After the Clairemont Mesa hike I spent the rest of the day chomping advil and rolling out my muscles and tendons with this do-hicky. I woke up sore as usual but I was determined to get out there again and take advantage of the June gloom before it gives way to full nuclear summer. I drove a short distance to Mission Dam area in Santee and parked on Father Junipero Serra Tr. I walked a short distance to the dam parking area and took in the fragile beauty of the riparian area. I spotted a moth at least the size of my hand, if not bigger, caught in a massive orb weavers web. The size of both the web and the moth were seriously impressive.
I am always in awe when I come to the dam that this gorgeous place is so close to my house. I am truly blessed and need to spend more time here.
I paralleled the river for a short time passing all manner of look out points and information kiosks before crossing a bridge and heading out on the Oak Canyon Trail, one of my favorite places in all of Mission Trails. I took my time, admiring the day and focusing on my breathing and footing in a sort of walking meditation.
I came to this gnarled oak tree and recalled an article I had read recently about trees that were trained by native americans as saplings to grow in an unusual way in order to mark the trail. I wonder if this is the case here? It would make sense I suppose, for the Kumeyaay to want to mark the path thru the grass lands to the water. I'm not sure if this tree is old enough to qualify but it is still kind of cool to think about.
After passing thru grass valley the trail slips into the canyon leading you across a rocky route just above the river bed. I have been enthrawled with A Parliament Of Owls Youtube page lately and I was scoping out the area for places I would put my Reconyx camera ... if I could afford one.
I looked at the canyon walls for signs of life and remembered the last time I did this route and how exciting it was to watch two coyotes ambush a mule deer. Nothing so spectacular today but I was pleased the crows were trusting enough to reveal the location of their nests that were tucked into the cliff face.
I pushed thru the narrowest section of the canyon with its tributaries and rock falls before coming to the junction for the Fortuna saddle service road. I stopped at the cross roads and thought about continuing on the Oak Canyon trail and taking Fortuna from the North or attempting what is affectionately called The Wall by the MTRP volunteers.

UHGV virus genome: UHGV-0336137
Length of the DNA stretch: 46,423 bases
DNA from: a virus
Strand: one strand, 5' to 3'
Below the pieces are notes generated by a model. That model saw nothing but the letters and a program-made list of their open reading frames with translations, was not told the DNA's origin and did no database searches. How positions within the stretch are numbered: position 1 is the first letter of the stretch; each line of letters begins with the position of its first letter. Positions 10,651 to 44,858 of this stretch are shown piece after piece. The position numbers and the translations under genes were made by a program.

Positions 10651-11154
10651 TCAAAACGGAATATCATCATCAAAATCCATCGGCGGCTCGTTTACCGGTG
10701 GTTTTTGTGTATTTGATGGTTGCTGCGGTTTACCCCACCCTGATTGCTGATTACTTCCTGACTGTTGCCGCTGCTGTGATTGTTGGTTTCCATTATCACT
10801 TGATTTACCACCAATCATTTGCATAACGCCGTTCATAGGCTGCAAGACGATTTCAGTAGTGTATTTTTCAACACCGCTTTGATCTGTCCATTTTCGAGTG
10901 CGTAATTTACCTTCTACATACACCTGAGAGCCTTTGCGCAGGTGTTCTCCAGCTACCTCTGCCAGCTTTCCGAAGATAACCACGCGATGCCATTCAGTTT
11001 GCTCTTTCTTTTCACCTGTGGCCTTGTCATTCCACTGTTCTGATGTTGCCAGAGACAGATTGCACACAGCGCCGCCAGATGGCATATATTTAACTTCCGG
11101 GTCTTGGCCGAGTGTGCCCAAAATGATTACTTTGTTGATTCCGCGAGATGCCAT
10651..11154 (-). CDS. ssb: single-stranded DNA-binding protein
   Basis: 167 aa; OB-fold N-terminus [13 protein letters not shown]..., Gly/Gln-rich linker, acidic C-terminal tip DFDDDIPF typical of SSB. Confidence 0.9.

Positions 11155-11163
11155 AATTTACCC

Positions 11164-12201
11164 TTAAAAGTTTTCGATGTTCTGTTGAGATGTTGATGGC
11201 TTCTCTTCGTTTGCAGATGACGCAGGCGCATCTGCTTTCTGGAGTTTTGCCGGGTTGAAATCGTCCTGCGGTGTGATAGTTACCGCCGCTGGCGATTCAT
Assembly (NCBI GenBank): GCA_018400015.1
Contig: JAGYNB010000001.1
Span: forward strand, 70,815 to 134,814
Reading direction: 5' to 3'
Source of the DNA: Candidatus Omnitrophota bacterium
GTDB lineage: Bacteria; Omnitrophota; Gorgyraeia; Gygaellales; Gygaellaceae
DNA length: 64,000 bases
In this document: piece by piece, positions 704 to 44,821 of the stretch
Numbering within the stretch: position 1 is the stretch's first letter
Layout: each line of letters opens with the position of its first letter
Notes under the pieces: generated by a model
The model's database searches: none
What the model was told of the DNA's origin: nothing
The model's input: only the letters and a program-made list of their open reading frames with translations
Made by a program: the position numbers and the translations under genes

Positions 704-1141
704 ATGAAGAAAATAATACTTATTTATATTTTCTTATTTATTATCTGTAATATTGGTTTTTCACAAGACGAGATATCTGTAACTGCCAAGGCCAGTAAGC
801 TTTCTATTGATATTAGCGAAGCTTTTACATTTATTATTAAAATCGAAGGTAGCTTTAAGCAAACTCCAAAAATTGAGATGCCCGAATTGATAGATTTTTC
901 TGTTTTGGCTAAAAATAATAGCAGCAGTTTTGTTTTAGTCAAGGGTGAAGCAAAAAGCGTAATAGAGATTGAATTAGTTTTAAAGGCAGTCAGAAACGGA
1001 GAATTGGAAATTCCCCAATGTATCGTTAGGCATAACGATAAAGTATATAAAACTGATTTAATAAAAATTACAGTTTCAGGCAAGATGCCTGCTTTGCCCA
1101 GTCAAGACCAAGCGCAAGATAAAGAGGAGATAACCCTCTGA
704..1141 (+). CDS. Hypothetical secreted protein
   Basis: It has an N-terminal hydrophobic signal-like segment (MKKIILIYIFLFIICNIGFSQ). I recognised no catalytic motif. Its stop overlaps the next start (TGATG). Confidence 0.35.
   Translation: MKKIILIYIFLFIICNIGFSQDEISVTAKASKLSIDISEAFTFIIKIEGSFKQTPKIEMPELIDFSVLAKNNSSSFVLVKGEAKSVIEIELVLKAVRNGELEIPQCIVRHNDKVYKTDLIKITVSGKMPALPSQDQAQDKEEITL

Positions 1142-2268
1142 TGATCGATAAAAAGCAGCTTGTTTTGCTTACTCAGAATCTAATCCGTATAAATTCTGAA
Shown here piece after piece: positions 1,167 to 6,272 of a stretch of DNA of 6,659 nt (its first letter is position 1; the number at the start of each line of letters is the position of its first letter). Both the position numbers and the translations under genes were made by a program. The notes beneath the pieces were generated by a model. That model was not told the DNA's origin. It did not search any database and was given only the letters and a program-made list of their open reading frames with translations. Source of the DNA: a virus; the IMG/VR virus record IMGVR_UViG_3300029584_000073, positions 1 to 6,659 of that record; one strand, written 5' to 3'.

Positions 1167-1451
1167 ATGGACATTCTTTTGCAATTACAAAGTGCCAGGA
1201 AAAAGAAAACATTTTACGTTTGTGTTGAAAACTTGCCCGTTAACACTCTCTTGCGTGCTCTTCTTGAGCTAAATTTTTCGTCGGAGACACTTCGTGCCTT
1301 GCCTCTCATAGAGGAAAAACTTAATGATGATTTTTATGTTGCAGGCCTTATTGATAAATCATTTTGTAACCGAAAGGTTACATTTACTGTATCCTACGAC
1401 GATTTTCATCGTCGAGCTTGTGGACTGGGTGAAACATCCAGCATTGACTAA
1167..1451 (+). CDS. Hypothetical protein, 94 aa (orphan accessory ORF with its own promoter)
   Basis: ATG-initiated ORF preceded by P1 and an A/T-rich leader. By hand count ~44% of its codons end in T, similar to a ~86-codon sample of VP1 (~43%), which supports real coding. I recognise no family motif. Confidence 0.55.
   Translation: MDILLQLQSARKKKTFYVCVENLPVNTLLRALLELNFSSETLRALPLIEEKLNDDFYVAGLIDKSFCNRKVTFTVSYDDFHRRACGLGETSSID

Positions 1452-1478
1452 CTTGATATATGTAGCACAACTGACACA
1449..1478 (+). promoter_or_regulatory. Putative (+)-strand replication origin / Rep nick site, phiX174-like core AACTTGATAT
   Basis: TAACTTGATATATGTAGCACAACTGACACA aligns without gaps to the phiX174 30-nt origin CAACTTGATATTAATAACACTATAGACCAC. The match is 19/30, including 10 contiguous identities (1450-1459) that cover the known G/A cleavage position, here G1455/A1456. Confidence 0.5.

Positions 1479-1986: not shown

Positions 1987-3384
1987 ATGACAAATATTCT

I opted to take the wall and was determined to make it an enjoyable and successful experience! This meant I hiked at a snails pace and stopped at every flume to rest and stretch.
I think it took me a half hour to do the half mile/500 foot climb. I was passed by two older gentlemen, and I was more than happy with that!
When I reached the top my feet were only singing, not screaming, and I was so so so happy to be on the saddle!
I sat down in the dirt for a while and drank some water while snapchatting my friends and family that I had made it up the wall! I realize it is a small hill but sometimes overcoming the mole hills is tougher than the mountains.
I brushed myself off and headed for the North peak. I passed one of the gentlemen who passed me on the way up. He asked if I was going to do South Fortuna too and I told him I'd have to see how this one went first! He smiled and took off toward the south peak. I climbed up the beige stripe I'd longingly looked at from my car everyday and was happy to be there. I was slow, and sat on every flat rock I came across even when I wasn't tired. It was nice to sit with my eyes closed and be in the quiet beauty of outside.
I crested what I thought was the summit only to remember that North Fortuna has a sense of humor with her many false summits. I was not discouraged but I did eat a shot block and pressed on to the top.
At last! I made it! It took me a little over two hours to go something like 2 miles but I did it! I took the obligatory selfie and signed the register before finding a more comfortable place to sit. Who knows! Maybe I'll do the official 5 peak challenge that everyone is doing now!
I looked over to the last blip on North Fortunas ridgeline and wondered if I should make it a loop hike. I looked at the clouds and noticed the marine layer was rapidly dissipating and opted to just make a beeline out of there. It was near 11am and I knew if the cloud cover broke it was going to get hot fast.
I scooted my way down the road and even on the way down had to stop at the flumes. The grade made my feet and knees burn and I tried to slalom down to avoid sliding on the loose gravel.
As I reached the Oak Canyon trail the marine layer officially broke. The light in the canyon was beautiful, but glaring and only then did I realize I had forgotten my sunglasses.
I started to feel nauseous and realized I had not eaten nearly enough for lugging myself up that wall. When will I ever learn that I need to eat relative to the activity? I sat under a gorgeous oak tree for a minute and drank some water. I thought about eating a shot block or bar but knew the state my stomach was in it would only come back up.
The bummer about urban hiking is that it's crowded, so if you're going to barf, you're going to have witnesses.
The hike officially stopped being fun as I crossed the bridge back to the dam. I started the road walk back to my truck in the noonday heat and I swear it was like someone had stretched out that section of road twice as long as when I came. It took forever to get to the truck! When I finally did I jumped in and cranked up the a/c and threw my shoes on the back seat.
I headed home with a smile on my face and a limp in my step.
At 1 MPH, I'm pretty sure I set the record for the slowest ascent of N. Fortuna but it was also the most meaningful.